Depression is so common and so unpleasant that we are surrounded, online and off, with a sea of potential remedies: herbs, pharmaceuticals, therapy, chocolate, and personal wisdom. And then there are people who tell you to “just cheer up”. How annoying, and minimizing, is that? When I’m depressed I want empathy, not glib advice.
Imagine how startling it is to get that pithy message from a person who reflects deeply on the practice of eastern spirituality. An article appearing in Huffington Post on October 27, entitled “Depressed? How to Just Cheer Up,” suggests meditation practice, in the Tibetan Buddhist tradition of Trungpa Rinpoche, really can help us just cheer up.
Liberation from negative thoughts is a shared goal, whether you think of the challenge in spiritual or psychological terms. In the world of western mental health counseling, depression is often treated by finding and testing our unexamined negative beliefs, in a process called cognitive behavioral therapy (CBT). In the world of spirituality, negative thoughts are unwelcome attachments we can choose to simply let go.
What’s the difference? Therapy requires us to sit still, in the company of one another, and focus. The discipline of meditation helps us to sit still, and to become aware of our thoughts as visitors that appear, welcome or unwelcome, without judging them. We do not have to take each one to heart; we become aware that we are more than our thoughts. We can appreciate the present moment, and smell the incense.
The trouble is that many of our disturbing thoughts, released into the cosmos, keep coming back. We have enduring heartaches, resentments, and nightmares; it is possible for them to plague us for years, even if we are more than willing to let them go.
The author of the article, Susan Piver, points out that knowing the back story behind our negative thoughts might be interesting, but still not lift our spirits. And that is the thing most wanted, is it not? Perhaps you’ve endured an unfaithful partner or a tornado or a belief that you are unlovable, or without talent. Insight is wonderful and life changing in the long run, but deep peace – now – is the holy grail.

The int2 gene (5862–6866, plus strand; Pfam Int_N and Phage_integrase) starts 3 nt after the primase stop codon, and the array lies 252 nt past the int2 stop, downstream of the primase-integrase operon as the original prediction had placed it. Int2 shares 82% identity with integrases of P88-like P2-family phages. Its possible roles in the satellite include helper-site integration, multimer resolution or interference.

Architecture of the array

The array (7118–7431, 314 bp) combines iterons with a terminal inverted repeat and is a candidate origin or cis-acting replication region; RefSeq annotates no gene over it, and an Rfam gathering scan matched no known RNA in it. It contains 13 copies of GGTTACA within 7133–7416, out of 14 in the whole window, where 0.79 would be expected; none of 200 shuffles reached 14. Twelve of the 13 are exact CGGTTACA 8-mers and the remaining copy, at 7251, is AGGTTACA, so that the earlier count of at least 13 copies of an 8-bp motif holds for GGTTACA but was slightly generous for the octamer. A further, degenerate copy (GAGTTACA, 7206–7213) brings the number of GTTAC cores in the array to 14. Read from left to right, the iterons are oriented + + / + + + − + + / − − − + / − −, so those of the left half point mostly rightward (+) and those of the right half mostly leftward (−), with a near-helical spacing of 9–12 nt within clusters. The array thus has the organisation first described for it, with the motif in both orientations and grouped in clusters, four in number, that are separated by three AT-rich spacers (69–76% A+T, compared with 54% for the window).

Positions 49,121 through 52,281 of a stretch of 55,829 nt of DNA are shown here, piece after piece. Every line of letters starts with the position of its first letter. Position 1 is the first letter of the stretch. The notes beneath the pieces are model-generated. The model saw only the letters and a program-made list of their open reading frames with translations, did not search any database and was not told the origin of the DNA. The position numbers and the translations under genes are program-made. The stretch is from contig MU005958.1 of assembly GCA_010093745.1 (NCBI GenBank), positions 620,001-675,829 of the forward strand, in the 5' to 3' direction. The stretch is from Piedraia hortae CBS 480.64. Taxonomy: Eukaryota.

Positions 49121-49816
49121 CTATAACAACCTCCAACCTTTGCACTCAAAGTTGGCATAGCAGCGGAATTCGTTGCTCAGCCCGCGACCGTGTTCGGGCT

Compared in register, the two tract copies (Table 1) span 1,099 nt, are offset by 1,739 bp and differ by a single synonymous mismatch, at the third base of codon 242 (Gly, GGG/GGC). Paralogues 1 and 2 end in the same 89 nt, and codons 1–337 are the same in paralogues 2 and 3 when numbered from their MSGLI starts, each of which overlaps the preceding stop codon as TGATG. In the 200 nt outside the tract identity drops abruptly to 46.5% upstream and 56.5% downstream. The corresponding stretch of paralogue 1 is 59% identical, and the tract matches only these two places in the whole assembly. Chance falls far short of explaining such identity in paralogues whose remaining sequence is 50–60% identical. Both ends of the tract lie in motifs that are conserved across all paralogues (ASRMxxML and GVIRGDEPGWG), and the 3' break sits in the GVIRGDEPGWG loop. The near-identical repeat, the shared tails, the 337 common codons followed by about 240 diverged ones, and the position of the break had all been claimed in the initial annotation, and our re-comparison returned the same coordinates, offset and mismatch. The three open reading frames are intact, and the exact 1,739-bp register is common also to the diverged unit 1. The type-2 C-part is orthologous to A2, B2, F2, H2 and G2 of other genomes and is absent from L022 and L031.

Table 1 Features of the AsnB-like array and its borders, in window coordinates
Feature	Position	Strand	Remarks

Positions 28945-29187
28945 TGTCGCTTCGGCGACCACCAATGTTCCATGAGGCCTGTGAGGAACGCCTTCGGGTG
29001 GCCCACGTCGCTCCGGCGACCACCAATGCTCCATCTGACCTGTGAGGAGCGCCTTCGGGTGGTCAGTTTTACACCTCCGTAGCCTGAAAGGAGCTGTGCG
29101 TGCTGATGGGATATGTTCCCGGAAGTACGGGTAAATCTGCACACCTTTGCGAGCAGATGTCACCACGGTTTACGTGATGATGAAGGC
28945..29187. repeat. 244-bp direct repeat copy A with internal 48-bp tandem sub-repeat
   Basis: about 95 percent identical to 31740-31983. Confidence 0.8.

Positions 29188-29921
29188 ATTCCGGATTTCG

Letting go of negative or disturbing thoughts is a spiritual practice, because it is grounded in a sense of where meaning lies. With the discipline of letting go of control, for example, comes humility. We were never entirely in control. The spiritual dimension is one of making peace with our place in the universe.
But that awareness does not complete the process of healing; it has only just begun. Here is where my viewpoint may differ from the one attributed to Trungpa Rinpoche. To let go of distress and savor a moment of peace is a healing practice. But healing often requires us to sit with troubling realities, and allow transformation, sometimes within, sometimes without. To stop clinging to toxic thoughts is not necessarily to cheer ourselves up.
Simply noticing that we exist without our negative thoughts is healing. Asking questions about what, within us, keeps producing more, is helpful as well. When we are seeking the path out of depression, the letting go allows peace, here and now. Discovering what belongs in their place, is the vexing part of the work of healing from depression.
Spiritual practice and therapy can both be good companions for this journey. Western therapy is skillful in bringing order to our thoughts, those we know about and those that haunt us from the shadows. Eastern spiritual practice is skillful in noticing the obsessive ways of the thinking self, and noticing its limits, welcoming the parts of us that are simply present to one another. Western therapy is skillful at clarifying social relationships, and taming discord. Eastern spiritual practice is skillful at cultivating empathy. Each benefits from the other.
Depression is not necessarily done with us when we are willing to let it go. But cultivating that willingness is essential. We cannot necessarily heal ourselves by evicting every negative thought; but the willingness to imagine ourselves without them, is a pretty good beginning.